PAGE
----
Acts of Seduction
The final common, yet false, starting point to our moral decision making is lustful desire, or seduction. True, many moral choices are often made out of a desire to take joy in our created bodies. Sensual desire in itself is not the problem. Good choices can happen especially when we take proper steps to satisfying our sexual longings in the way God intends, namely within heterosexual marriage (a necessary, but not sufficient condition for sexual harmony).
In his commentary on Genesis, Nahum Sarna points out the inherent goodness of God’s design for human sex. Commenting on Genesis 1:27, Sarna says,
No such sexual differentiation is noted in regard to animals [in Genesis]. Human sexuality is of a wholly different order from that of the beasts. The next verse [v. 28] shows it to be a blessed gift from God woven into the whole fabric of life.
However, because of the inherent goodness of sexual design, any abuse of that design is particularly abhorrent:
By the same token, its [human sexuality] abuse is treated in the Bible with particular severity. Its proper regulation is subsumed under the category of the holy, whereas sexual perversion is viewed with abhorrence as an affront against human dignity and as a desecration of the divine image in man.
In short, abuse of God’s design plan for human sexuality is a desecration of the image of God in man. The fallout from this abuse is manifold and grotesque.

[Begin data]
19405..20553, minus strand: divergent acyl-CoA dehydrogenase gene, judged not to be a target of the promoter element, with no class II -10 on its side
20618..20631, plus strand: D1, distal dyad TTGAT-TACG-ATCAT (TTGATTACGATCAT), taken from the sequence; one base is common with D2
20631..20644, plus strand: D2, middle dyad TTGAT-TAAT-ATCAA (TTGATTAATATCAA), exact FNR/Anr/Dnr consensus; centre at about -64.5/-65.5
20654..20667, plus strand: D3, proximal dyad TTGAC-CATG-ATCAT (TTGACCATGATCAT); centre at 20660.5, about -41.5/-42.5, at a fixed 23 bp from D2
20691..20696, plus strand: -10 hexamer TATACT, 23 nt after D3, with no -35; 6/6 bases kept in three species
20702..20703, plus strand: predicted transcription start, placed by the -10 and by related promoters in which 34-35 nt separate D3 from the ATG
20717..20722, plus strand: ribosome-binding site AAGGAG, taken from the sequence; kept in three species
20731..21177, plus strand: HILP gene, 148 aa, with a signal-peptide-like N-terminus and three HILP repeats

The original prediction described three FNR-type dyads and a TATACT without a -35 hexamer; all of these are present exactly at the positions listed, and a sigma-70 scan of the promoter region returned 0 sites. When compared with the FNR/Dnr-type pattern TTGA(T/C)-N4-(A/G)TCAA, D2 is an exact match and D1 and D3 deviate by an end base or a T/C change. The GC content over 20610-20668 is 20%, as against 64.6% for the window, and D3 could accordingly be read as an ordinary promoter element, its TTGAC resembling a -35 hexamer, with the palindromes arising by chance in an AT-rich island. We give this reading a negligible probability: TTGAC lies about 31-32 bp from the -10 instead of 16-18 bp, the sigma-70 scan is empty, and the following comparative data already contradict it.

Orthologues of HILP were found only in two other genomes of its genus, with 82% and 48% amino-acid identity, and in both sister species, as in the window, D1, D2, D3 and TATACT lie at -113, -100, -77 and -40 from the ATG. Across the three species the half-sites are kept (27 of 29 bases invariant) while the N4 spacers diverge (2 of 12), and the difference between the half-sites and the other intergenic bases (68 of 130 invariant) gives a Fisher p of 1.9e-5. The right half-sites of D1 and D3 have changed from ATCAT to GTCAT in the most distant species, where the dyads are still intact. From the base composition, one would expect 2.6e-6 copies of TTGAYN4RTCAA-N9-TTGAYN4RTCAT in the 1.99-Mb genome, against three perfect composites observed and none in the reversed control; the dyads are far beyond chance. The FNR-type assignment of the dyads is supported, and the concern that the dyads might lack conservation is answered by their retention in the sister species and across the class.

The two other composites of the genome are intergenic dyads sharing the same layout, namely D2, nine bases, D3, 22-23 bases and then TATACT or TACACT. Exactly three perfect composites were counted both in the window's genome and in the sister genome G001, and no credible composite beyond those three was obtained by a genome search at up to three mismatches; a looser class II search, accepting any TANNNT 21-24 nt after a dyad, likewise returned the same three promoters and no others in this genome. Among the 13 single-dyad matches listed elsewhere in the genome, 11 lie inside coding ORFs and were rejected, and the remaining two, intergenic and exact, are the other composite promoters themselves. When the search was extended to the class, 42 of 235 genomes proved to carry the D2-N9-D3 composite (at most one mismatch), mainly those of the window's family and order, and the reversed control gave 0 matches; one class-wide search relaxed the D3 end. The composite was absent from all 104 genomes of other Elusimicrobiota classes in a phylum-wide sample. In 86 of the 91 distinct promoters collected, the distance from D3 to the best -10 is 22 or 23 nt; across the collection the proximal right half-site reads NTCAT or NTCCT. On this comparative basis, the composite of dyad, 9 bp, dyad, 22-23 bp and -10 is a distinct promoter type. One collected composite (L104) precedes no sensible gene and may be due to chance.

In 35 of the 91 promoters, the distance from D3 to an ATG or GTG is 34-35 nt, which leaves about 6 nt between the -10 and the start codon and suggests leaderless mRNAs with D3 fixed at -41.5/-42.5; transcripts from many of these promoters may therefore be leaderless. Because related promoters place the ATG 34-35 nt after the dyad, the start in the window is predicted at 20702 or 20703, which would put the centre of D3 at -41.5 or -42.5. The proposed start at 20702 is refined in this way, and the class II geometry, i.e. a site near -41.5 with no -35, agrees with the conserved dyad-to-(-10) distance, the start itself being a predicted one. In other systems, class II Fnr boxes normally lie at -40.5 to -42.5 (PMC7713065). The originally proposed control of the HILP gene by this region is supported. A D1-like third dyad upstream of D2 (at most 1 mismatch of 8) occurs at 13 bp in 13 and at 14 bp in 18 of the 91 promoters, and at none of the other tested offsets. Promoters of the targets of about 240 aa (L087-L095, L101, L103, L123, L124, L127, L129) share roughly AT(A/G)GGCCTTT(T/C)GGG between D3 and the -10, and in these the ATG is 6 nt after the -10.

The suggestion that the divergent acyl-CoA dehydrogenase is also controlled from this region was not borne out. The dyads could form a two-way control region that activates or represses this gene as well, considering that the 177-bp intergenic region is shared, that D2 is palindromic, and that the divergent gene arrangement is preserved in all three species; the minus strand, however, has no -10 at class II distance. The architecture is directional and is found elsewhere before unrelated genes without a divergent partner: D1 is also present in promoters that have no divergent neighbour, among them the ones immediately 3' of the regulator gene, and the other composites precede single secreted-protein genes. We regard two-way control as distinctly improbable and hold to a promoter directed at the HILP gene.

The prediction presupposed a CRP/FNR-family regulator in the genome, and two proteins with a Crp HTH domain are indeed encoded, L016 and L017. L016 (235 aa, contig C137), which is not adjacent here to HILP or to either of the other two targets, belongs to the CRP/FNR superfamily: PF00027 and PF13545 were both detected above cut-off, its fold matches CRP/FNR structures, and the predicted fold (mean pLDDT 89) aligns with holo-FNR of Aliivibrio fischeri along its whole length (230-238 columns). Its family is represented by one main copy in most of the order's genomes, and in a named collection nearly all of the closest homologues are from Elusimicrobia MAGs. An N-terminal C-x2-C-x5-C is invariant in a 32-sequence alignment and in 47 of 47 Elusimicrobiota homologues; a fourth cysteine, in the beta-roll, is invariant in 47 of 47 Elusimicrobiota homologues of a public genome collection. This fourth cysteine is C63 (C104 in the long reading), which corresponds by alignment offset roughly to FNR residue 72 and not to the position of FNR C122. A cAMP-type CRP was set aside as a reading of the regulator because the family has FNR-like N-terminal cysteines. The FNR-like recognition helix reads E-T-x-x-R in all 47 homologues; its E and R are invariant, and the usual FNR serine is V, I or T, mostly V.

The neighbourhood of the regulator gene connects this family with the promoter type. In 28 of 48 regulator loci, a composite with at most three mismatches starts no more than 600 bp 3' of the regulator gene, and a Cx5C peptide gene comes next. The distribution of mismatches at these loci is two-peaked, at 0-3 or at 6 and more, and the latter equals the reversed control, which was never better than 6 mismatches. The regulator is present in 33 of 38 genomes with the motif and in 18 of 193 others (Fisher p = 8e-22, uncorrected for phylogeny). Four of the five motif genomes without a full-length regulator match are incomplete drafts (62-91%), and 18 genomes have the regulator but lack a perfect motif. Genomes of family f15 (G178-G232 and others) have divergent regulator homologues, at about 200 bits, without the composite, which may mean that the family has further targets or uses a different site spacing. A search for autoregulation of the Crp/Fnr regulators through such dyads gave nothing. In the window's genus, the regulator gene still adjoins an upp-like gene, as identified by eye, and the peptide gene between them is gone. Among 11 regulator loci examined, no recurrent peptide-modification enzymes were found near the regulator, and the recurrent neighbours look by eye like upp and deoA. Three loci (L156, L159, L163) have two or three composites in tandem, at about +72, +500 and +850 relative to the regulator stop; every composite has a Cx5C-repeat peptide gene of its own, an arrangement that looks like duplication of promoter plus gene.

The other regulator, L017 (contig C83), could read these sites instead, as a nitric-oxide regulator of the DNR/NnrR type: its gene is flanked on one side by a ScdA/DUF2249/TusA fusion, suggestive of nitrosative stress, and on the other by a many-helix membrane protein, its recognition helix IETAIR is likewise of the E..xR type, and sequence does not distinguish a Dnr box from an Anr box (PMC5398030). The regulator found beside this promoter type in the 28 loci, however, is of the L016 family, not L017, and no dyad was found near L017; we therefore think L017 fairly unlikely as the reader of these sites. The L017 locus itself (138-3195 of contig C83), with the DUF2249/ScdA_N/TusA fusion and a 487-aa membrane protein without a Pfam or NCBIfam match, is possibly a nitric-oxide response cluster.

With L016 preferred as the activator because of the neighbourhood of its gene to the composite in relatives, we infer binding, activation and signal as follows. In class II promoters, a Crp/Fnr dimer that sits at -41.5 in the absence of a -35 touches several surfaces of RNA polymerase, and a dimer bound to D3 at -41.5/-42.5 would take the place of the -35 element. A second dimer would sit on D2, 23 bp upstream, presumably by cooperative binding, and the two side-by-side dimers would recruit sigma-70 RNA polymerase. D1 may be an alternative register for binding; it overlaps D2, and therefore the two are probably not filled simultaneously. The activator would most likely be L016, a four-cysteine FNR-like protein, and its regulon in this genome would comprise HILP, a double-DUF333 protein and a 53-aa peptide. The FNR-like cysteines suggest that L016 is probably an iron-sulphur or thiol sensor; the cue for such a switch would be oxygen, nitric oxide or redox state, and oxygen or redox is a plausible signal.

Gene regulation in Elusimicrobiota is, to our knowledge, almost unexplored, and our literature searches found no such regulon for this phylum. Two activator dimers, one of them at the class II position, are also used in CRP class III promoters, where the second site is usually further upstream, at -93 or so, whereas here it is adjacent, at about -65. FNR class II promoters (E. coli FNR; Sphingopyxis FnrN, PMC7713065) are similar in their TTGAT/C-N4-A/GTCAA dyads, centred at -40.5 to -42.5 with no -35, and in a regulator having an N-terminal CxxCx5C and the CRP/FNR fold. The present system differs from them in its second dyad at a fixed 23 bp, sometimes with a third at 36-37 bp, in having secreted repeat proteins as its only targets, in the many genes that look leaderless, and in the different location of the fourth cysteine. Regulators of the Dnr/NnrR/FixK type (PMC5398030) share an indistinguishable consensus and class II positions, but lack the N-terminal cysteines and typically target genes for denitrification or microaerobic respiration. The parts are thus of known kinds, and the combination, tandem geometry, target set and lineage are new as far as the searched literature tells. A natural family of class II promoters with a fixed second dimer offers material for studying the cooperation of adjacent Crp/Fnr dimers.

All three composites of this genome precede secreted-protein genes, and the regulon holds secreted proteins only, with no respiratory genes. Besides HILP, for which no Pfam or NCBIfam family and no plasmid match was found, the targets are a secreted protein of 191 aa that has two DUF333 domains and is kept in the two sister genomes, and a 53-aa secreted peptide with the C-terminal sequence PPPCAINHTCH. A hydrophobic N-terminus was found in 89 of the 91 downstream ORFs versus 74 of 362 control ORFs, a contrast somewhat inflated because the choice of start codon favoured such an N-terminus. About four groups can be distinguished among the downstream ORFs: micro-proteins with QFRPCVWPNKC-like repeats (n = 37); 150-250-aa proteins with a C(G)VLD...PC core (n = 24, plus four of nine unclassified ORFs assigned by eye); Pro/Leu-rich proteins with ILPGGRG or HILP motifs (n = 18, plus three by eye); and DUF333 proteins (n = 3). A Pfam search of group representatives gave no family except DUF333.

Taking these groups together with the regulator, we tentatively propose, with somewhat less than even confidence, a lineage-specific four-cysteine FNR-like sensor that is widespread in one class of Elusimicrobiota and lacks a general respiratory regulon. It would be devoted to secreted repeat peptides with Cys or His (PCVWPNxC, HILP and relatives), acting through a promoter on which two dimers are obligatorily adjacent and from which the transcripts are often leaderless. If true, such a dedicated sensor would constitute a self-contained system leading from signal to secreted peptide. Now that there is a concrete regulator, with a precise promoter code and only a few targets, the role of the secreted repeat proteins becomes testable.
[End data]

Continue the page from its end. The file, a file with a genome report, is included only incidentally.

The Fallout from Acts of Seduction
Any pursuit of bodily enjoyment that does not first appeal to God, runs the danger of rejecting the body’s proper function and design. Moreover, as body-soul composites, what is done in the temporal body will have lasting consequences in the immortal soul. As such, making moral decisions from seduction has ramifications that reverberate throughout the life of an individual, both in body and soul.
Classically construed the soul is comprised of the will, the emotions and the intellect. If there is damage to the body and the soul, then there will be damage to the will, emotions and even the intellect of a person who has been sexually abused or who has done the abusing. Sexual immorality warps our entire being in ways other sins do not.
In addition, sexual sins have extraordinary social consequences that we are only beginning to map through sociology and psychology. Pornography use is one of those social ills that plagues our culture. In a powerful pastoral work by marriage and family therapist Jay Stringer, Stringer points out how damaging sexual abuse is to fragile human psyches:
If someone sexually used you as a child, likely you continue to feel vulnerable to being used by a person who initially delights in you only to use power and coercion for his or her sexual gain (this in no way justifies the abuse of power or blames the victims for the assault). Or, you develop strategies to sexually use other people in order to ensure that you are never again vulnerable.
This is an insightful claim. However, it is one we seem to already know yet constantly try to suppress. The damage done to human persons through sexual misconduct, especially, but not only, in pre-pubescence, is intimately connected to power and control. As Stringer points out, those who have been abused often either continue to allow themselves to be abused or become abusers themselves. And so the cycle of sin propagates both generationally as well as horizontally.